Netflix has revealed a lengthy, atmospheric “sneak peek” trailer for its Pluto anime, based on the phenomenal manga illustrated by Naoki Urasawa and written by Urasawa and Takashi Nagasaki. The Pluto manga is itself a more realistic, grounded adaptation of one of the most famous Astro Boy stories, “The Greatest Robot on Earth,” created by the “God of Manga” himself, Osamu Tezuka. And what an adaptation it is, being a soulful crime noir involving androids and international politics.
The story follows Gesicht, an android detective who works for Europol and is trying to solve a case of global serial killing — and the culprit seems to be another robot. Most of the Pluto anime sneak peek trailer focuses on Gesicht, though the trailer consciously forgoes voice acting and sound effects in favor of just presenting a vibe. The series is supervised by Macoto Tezka, Tezuka’s son (no typo — “Tezka” is the chosen romanization), in cooperation with Tezuka Productions. The series is being produced by Genco and animated by Studio M2.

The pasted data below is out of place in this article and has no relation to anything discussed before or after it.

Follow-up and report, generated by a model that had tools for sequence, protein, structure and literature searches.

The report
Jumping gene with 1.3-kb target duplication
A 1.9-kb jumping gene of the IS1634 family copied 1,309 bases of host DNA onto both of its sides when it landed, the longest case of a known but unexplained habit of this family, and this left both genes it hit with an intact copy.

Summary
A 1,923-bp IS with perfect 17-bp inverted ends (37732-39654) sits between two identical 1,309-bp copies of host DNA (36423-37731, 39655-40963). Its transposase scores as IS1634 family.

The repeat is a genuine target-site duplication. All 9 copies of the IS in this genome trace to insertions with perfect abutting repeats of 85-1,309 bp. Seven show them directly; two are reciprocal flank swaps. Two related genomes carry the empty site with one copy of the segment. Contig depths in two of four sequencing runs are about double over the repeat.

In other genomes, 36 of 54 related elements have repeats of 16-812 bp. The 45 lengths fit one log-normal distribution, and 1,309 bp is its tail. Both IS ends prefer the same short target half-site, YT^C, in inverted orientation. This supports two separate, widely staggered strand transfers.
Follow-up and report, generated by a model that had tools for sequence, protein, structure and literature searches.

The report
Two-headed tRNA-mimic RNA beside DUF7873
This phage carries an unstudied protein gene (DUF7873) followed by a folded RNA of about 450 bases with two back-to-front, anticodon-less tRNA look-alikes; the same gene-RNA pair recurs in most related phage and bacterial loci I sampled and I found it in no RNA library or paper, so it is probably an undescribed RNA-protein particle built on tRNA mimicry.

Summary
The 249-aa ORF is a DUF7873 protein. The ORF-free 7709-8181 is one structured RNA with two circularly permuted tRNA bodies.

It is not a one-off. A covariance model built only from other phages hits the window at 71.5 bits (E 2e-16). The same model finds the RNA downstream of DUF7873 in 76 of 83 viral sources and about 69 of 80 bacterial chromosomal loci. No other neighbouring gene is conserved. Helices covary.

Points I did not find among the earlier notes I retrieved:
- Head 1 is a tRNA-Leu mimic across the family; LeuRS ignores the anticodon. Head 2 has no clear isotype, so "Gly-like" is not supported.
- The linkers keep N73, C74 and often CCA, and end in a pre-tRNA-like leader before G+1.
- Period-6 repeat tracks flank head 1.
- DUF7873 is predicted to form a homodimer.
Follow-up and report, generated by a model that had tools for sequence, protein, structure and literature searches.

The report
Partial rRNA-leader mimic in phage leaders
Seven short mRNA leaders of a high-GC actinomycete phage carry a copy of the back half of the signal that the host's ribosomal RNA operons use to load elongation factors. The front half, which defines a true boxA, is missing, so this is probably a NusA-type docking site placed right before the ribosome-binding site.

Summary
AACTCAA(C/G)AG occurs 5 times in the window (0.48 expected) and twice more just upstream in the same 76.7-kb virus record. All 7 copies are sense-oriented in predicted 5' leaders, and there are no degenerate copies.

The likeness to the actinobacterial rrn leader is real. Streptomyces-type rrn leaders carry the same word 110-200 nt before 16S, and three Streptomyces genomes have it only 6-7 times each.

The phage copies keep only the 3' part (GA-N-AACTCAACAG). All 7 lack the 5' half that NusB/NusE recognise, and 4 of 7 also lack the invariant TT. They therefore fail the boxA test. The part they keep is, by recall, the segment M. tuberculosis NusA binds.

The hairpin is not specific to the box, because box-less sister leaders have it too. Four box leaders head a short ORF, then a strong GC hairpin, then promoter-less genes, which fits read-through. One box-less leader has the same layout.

Personally, I haven’t read a lot of manga besides some of the classics, and I watch even less anime. But the odds are good I’ll come out of anime retirement to watch Pluto, because I’m already feeling a strong urge to reread the entire manga after seeing this trailer. The line in the manga where Gesicht asks, “Does the hatred you feel ever disappear?” has stuck with me ever since I first read it.
Pluto will premiere on Netflix sometime in 2023, and Shinshu Fuji, Yoko Hikasa, and Minori Suzuki are attached to the Japanese dub as Gesicht, Atom (Astro Boy), and Uran respectively.
Update: The creators have provided some comments about the series, included below.
Naoki Urasawa said, “I applaud the courage of everyone that has taken on the challenge of making an anime based on Pluto. I am excited about the birth of this new series to win over people’s hearts. I hope that now more than ever, Osamu Tezuka’s message reaches the world.”
Takashi Nagasaki added, “Pluto inherits the philosophy of Tezuka and does not merely convey a message of anti-war, but reminds us that there is suffering on both sides… but still, the only remaining answer is peace.”
Macoto Tezka offered, “The animated Pluto is the real deal, and in addition to this being Urasawa’s latest work, this is also a new Tezuka anime. I can hardly wait to see how this new generation of anime turns out.”